Even five years ago, we knew so little of companies’ environmental and social behaviour compared to today

In the absence of an established, common set of rules, companies will inevitably select information that casts them in the best light. Ratings agencies that evaluate companies’ performance can be subjective and may prefer some metrics over others, and this can skew results. Researchers found great disparities among six major ESG ratings firms depending upon how they valued different measures such as workforce practices and more. 

But there’s growing pressure to force companies to declare hard data that allows investors to compare and judge ESG performance, rather than information that can be manipulated, and this trend will only gather pace.

The power and pitfalls of environmental and social investors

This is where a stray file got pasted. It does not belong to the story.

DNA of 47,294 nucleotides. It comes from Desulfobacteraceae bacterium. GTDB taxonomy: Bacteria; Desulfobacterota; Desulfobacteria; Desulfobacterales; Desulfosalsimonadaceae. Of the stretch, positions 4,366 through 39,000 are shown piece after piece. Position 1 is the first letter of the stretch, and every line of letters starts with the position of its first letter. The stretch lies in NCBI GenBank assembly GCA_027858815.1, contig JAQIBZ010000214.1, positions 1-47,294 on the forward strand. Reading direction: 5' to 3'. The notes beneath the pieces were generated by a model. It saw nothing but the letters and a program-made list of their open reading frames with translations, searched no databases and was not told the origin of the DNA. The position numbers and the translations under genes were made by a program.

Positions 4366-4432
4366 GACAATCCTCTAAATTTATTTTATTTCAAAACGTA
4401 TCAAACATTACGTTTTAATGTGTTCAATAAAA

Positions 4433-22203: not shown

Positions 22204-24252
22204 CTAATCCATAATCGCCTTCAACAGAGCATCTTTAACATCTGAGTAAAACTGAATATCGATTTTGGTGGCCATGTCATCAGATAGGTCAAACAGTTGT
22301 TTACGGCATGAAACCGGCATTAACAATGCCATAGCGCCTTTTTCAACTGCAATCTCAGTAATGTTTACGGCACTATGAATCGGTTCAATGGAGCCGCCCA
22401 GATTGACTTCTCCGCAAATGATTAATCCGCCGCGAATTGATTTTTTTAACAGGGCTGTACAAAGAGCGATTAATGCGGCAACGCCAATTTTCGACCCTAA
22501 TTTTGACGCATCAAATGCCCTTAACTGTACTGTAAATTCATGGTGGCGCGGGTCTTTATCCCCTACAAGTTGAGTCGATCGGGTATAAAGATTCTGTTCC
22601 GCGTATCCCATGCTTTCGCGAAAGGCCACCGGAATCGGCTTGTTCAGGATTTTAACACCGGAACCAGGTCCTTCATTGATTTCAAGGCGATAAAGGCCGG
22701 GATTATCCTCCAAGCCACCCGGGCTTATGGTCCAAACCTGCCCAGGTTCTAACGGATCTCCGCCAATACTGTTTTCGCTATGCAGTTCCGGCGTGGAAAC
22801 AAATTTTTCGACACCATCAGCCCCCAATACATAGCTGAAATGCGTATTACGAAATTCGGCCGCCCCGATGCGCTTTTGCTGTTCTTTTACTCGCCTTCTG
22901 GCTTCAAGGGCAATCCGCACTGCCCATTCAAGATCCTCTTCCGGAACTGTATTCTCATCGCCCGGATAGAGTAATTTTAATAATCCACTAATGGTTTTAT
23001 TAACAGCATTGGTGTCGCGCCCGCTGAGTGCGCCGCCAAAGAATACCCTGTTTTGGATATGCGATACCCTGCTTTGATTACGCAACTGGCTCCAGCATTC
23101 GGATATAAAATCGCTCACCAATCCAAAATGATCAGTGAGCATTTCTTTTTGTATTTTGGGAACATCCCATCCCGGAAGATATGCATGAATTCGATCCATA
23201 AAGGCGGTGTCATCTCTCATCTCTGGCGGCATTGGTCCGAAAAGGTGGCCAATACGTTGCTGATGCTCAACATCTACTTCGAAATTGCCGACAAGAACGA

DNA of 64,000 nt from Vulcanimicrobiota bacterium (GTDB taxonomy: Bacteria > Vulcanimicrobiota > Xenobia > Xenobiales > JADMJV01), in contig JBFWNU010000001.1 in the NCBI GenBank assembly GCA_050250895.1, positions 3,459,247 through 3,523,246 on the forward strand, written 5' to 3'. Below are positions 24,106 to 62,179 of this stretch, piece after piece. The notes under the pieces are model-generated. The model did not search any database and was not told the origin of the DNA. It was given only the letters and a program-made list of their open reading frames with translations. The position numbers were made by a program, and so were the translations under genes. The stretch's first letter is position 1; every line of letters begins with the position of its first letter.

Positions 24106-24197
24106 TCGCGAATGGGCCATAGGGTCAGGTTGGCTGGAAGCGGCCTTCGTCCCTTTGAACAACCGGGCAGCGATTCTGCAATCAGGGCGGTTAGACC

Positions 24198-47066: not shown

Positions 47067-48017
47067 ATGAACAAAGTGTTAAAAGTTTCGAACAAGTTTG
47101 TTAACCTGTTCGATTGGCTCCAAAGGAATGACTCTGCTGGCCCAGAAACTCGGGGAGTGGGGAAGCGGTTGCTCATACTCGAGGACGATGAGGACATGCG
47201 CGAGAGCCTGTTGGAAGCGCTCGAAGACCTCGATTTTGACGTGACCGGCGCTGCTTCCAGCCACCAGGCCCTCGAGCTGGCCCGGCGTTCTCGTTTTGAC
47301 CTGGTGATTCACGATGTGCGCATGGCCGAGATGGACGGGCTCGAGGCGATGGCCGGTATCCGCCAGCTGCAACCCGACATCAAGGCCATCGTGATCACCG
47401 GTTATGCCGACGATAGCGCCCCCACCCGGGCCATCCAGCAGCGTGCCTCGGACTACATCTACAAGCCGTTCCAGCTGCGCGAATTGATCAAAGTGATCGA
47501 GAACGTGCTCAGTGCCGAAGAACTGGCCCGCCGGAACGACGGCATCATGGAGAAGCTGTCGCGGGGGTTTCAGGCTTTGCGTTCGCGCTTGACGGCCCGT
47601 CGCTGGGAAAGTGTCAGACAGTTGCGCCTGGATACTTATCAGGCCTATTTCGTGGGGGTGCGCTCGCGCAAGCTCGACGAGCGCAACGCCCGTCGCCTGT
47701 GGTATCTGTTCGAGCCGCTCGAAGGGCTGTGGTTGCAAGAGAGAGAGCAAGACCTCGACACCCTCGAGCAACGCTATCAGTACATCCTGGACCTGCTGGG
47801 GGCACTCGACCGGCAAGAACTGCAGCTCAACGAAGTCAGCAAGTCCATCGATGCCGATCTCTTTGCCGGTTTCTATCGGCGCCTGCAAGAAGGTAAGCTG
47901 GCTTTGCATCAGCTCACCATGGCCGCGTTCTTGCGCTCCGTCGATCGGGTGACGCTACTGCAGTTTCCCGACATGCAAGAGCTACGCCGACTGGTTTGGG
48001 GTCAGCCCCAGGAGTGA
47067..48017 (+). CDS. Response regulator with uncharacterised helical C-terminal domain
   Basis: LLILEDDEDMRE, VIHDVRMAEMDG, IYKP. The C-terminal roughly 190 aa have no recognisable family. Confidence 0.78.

A company’s environmental record is arguably easier to verify than its social and governance performance; data such as greenhouse gas emissions are becoming the most prominent measure for ESG investors and are required by many international authorities.

But research has revealed that, while some investors are growing wise to greenwashing and more exacting about company performance, many private investors don’t understand the nuances of ESG reports and ratings even if they profess to be green. At the same time, many of these environmentally aware households don’t invest at all. Without financial literacy, “people’s capitalism”, researchers conclude, won’t live up to its potential.

There’s growing pressure to force companies to declare hard data that allows investors to compare and judge ESG performance